The femoral artery and vein enter the femoral triangle from beneath the inguinal ligament within a fascial tube termed the femoral sheath. This is derived from the extraperitoneal intra-abdominal fascia, its anterior wall arising from the transversalis fascia and its posterior wall from the fascia covering the iliacus.
The medial part of the femoral sheath contains a small, almost vertically placed gap, the femoral canal, which is about 0.5 in (12 mm) in length and which just admits the tip of the little finger. The greater width of the female pelvis means the canal is somewhat larger in the female and femoral herniae are, consequently, commoner in this sex. The boundaries of the femoral canal are:
• anteriorly—the inguinal ligament;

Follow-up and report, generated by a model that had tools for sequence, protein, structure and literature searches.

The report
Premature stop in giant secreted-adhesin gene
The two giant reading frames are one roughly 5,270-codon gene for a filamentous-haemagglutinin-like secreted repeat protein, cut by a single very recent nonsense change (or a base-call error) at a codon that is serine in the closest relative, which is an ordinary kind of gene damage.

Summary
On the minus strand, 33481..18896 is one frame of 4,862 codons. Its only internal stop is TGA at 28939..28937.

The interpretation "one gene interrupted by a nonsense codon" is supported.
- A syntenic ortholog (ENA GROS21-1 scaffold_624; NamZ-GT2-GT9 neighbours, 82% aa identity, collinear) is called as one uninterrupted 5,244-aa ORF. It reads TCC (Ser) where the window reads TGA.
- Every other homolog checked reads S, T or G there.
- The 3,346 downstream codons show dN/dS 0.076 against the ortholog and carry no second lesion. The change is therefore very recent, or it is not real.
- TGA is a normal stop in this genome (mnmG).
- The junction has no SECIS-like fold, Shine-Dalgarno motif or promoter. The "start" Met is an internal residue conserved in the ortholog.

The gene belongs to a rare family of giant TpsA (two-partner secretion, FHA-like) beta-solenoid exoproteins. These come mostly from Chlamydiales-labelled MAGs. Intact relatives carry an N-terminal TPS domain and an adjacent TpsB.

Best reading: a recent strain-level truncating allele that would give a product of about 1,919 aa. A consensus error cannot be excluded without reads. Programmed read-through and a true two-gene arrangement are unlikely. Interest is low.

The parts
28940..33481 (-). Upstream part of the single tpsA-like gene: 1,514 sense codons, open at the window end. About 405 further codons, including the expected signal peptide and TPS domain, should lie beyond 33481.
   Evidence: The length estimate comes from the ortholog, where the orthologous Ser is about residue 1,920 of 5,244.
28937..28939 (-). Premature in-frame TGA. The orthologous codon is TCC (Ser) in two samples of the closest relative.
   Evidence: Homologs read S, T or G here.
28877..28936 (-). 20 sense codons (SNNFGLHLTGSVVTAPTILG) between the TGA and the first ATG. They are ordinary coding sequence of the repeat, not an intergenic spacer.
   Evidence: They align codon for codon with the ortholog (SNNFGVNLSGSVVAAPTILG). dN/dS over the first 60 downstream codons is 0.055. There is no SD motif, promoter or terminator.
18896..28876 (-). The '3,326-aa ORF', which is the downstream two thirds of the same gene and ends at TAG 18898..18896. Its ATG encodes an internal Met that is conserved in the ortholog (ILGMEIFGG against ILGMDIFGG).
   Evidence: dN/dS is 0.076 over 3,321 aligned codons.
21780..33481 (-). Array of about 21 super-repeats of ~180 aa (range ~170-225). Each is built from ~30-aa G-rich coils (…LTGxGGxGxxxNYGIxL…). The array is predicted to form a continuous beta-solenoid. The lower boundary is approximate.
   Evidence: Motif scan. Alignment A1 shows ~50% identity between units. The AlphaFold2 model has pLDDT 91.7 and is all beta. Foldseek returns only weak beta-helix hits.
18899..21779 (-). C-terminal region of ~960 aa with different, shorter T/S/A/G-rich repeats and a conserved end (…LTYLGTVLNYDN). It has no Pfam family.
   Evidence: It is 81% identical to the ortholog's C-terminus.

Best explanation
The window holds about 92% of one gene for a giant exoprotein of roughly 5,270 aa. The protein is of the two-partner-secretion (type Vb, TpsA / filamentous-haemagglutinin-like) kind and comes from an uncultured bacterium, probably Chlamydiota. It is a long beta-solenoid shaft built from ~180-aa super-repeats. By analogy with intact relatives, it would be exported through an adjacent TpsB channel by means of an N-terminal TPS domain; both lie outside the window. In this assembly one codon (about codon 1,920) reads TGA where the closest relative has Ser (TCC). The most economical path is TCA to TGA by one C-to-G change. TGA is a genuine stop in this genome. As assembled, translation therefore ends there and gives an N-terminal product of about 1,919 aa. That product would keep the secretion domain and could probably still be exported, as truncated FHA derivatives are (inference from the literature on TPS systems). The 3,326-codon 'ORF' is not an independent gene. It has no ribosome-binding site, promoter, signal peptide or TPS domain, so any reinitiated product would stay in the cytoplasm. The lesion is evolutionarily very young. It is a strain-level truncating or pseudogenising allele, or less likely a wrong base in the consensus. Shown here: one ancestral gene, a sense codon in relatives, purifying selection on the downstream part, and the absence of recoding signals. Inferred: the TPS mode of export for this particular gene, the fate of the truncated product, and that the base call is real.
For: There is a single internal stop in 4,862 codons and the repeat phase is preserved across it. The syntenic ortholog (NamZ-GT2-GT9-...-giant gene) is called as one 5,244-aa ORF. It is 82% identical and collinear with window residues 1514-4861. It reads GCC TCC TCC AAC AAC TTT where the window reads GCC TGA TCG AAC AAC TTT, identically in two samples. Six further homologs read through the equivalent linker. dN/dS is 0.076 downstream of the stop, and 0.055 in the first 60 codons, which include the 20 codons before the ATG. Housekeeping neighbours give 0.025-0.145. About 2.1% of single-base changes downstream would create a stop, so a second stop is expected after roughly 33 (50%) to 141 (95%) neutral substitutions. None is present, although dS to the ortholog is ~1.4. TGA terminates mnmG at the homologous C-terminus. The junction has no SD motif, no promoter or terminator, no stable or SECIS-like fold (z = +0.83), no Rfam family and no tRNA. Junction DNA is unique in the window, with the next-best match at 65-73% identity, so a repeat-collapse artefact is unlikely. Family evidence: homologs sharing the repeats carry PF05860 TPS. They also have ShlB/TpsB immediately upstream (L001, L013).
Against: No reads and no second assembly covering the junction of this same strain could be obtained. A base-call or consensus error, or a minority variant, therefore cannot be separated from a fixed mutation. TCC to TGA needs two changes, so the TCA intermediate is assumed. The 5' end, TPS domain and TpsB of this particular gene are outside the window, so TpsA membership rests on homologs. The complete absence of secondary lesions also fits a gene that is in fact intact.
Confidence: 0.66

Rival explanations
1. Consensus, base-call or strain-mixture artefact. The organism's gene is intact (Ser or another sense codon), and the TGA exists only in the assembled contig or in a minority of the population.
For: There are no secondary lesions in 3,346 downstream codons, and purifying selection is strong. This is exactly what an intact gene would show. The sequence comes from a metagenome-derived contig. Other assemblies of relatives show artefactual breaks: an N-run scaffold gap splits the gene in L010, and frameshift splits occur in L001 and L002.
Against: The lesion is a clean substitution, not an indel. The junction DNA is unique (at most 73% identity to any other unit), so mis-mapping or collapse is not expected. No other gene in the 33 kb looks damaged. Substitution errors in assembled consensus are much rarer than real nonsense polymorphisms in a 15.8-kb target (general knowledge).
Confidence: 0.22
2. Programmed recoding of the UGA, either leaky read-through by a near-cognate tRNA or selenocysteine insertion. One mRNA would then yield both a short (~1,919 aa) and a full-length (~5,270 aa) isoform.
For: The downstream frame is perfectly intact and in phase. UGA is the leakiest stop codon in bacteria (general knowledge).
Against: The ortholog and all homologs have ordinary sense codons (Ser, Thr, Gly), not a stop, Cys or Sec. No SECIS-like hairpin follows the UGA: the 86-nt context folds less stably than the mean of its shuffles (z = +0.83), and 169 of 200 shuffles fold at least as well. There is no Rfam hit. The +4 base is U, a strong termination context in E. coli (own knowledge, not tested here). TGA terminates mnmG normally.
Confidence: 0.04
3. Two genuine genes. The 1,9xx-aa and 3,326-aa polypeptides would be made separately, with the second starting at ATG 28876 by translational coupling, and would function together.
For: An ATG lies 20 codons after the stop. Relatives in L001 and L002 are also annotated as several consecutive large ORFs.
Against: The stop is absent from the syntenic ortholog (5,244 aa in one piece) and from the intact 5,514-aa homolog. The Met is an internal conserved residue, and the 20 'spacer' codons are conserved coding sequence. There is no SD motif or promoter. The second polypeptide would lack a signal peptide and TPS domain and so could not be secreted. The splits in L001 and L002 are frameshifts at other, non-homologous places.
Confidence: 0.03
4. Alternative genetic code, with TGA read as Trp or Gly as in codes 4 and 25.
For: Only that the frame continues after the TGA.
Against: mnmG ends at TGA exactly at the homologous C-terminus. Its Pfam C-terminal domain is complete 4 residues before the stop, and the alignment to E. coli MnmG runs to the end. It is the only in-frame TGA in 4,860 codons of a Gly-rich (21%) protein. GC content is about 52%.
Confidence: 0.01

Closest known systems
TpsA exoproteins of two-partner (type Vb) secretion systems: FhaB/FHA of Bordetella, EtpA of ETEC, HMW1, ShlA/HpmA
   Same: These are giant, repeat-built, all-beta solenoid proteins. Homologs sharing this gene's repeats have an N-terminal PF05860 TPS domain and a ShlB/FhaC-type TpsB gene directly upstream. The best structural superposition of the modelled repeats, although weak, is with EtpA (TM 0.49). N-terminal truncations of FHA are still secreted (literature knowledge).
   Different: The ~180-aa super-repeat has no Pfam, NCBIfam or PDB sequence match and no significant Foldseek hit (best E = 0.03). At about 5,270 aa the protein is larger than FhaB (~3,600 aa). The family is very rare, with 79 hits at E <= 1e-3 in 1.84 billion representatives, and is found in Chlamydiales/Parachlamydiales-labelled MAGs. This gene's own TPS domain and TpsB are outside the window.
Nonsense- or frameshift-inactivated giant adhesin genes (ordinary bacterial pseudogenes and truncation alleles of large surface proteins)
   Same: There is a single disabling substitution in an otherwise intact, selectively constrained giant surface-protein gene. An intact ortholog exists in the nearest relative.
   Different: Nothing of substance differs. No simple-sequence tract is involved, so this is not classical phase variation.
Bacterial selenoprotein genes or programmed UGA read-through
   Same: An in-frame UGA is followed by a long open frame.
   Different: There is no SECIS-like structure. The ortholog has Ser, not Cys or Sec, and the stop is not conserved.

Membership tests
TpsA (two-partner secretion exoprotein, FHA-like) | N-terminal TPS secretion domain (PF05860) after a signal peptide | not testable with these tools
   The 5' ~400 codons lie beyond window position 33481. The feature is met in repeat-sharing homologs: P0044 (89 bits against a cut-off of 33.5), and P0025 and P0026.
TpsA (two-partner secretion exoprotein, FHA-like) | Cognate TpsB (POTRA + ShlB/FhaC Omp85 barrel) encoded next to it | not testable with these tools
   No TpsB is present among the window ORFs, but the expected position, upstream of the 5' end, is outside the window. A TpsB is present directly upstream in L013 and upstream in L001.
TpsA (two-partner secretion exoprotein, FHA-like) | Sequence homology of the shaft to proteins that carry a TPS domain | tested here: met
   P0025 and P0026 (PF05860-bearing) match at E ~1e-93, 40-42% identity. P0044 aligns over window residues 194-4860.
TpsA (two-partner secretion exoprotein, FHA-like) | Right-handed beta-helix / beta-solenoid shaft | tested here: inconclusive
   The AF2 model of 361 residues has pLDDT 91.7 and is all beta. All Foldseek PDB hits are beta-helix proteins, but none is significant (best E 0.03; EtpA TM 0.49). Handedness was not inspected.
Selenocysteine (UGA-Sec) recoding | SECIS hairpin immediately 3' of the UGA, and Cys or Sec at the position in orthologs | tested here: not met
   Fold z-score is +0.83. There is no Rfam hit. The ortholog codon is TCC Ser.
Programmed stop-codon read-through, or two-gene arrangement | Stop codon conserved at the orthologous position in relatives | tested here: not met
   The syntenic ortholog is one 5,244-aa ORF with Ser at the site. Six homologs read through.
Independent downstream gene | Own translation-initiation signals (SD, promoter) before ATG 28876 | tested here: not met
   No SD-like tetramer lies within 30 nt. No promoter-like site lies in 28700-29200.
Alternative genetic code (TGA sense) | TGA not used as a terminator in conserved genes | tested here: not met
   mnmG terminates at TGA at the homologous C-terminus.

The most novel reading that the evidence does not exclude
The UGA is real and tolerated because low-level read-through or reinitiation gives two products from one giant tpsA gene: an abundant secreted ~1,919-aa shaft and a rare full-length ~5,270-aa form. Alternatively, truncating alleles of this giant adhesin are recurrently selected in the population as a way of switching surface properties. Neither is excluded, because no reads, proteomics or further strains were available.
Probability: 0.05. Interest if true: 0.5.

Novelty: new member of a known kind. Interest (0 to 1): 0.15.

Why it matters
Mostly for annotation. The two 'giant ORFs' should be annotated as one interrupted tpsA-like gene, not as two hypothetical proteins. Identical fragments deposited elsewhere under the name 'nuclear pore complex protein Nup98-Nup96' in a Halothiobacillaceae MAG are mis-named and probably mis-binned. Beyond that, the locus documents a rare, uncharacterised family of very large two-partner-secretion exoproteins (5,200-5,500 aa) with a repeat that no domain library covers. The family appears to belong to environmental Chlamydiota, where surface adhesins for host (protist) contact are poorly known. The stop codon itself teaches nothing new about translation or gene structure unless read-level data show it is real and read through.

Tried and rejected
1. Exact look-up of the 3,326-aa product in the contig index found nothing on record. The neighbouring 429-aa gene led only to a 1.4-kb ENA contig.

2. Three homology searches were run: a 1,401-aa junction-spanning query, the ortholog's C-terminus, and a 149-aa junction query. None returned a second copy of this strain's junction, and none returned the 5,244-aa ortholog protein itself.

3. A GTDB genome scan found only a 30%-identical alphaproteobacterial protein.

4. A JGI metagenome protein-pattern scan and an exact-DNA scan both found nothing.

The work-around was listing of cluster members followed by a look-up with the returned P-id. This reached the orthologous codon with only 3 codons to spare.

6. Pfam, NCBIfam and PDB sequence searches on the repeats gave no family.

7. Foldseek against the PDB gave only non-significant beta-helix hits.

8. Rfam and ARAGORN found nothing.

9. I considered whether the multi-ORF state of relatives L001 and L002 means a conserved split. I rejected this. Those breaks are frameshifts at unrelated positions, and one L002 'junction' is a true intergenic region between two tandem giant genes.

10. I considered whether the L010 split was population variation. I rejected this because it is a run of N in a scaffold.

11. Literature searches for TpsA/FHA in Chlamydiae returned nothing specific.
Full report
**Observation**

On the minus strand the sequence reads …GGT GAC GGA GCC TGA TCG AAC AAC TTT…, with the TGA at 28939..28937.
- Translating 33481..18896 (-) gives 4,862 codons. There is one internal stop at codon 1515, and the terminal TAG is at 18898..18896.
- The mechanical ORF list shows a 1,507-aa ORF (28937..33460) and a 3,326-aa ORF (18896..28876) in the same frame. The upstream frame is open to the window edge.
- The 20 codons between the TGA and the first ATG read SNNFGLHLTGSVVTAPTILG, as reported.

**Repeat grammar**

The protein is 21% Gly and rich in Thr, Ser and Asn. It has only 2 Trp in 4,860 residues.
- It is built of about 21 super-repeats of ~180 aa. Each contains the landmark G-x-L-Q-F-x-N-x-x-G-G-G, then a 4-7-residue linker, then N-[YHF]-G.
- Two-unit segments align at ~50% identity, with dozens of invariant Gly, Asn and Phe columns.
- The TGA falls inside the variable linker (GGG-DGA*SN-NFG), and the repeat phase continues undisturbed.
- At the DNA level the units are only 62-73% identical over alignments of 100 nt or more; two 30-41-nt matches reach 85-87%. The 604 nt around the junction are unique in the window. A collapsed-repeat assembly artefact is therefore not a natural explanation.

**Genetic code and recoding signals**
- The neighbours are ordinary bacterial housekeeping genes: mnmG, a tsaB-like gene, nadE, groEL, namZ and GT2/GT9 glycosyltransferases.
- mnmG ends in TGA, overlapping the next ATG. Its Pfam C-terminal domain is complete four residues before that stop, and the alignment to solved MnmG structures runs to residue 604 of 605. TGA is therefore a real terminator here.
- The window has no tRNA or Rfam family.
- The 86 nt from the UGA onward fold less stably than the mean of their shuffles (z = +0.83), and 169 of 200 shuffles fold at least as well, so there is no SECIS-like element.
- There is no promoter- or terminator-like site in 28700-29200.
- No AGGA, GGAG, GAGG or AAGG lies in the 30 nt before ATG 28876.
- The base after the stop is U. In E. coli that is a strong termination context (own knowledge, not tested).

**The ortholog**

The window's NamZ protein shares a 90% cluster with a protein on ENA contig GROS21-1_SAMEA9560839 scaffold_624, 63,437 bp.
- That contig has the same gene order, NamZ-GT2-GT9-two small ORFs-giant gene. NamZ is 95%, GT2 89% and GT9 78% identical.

• medially—the sharp free edge of the pectineal part of the inguinal ligament, termed the lacunar ligament (Gimbernat's ligament);
• posteriorly — the pectineal ligament (of Astley Cooper), which is the thickened periosteum along the pectineal border of the superior pubic ramus and which continues medially with the pectineal part of the inguinal ligament.
The canal contains a plug of fat and a constant lymph node—the node of the femoral canal or Cloquet's gland.
The canal has two functions: first, as a dead space for expansion of the distended femoral vein and, second, as a lymphatic pathway from the lower limb to the external iliac nodes.
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